12.2.17

Something about the water quality where I live combined with the age or variety of the toilet that came with the house creates persistent water stains on the inside of the bowl. This drives me a little nuts. I don’t like using chemical cleaners, because they’re lousy for the world’s water, and also I get nasty headaches from strong smells.

Last week I broke down and bought a bottle of bowl cleaner anyway, figuring maybe if I could get the stains off once I could then keep them off with but less effort and toxicity. I turned on the exhaust fan, covered my nose with a scarf, squirted the awful stuff up under the lip of the bowl, and proceeded with the scrubbing instructions.

When I was done, I left it alone for a bit while I retreated to fresh air, and then returned to assess. I knew the bowl was cleaner than it had been, because I’d seen the water turn scummy as I’d scrubbed, but the stains prevailed. I sighed with a measure of disappointment and said out loud to no one: “Well, it is cleaner, but it doesn’t look any cleaner.”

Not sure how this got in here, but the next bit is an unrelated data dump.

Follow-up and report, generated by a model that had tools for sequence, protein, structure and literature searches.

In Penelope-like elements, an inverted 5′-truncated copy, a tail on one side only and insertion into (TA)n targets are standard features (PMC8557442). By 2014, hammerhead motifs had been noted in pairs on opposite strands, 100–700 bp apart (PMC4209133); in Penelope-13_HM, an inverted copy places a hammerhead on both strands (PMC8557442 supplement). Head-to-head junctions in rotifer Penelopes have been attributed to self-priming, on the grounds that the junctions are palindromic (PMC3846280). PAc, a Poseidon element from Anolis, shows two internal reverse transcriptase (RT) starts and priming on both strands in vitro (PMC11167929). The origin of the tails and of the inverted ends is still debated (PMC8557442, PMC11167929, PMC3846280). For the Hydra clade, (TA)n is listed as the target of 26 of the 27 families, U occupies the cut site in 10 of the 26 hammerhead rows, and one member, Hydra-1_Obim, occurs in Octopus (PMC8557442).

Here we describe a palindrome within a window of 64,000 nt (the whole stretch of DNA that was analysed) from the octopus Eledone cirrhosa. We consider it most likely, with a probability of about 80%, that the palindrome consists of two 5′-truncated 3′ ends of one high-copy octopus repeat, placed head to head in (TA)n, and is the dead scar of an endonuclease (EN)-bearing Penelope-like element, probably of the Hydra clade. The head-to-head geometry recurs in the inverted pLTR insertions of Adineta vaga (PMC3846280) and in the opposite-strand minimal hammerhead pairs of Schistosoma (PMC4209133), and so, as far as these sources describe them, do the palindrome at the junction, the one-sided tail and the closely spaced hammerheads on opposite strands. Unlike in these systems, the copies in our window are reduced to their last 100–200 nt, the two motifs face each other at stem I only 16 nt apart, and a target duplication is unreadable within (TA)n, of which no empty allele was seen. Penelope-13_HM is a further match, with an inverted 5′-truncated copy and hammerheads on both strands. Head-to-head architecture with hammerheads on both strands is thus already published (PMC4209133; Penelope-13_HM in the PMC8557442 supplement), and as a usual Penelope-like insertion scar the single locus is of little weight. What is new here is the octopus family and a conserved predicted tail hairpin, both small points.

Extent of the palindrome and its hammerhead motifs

At which point I noticed that my true mission had not been to get the toilet as clean as I could, but rather to get it to look as clean as I could. This was by no means the first time I have caught myself getting swept up in the work of getting things to look a particular way such that I stray from what I claim to care about (and even what I do actually care about). Apparently I needed reminding.

What the toilet pointed out has much bigger implications and cautionary content for other areas of life more weighty. Where else, I wondered, am I striving to get something to look the way I’d like it to at the expense of the actual condition of the thing? It’s one thing to  care about how something looks, which I find I often do, and plenty of the time it’s probably harmless. But when it’s displacing or replacing the concern for how things actually are… that calls for some reassessing.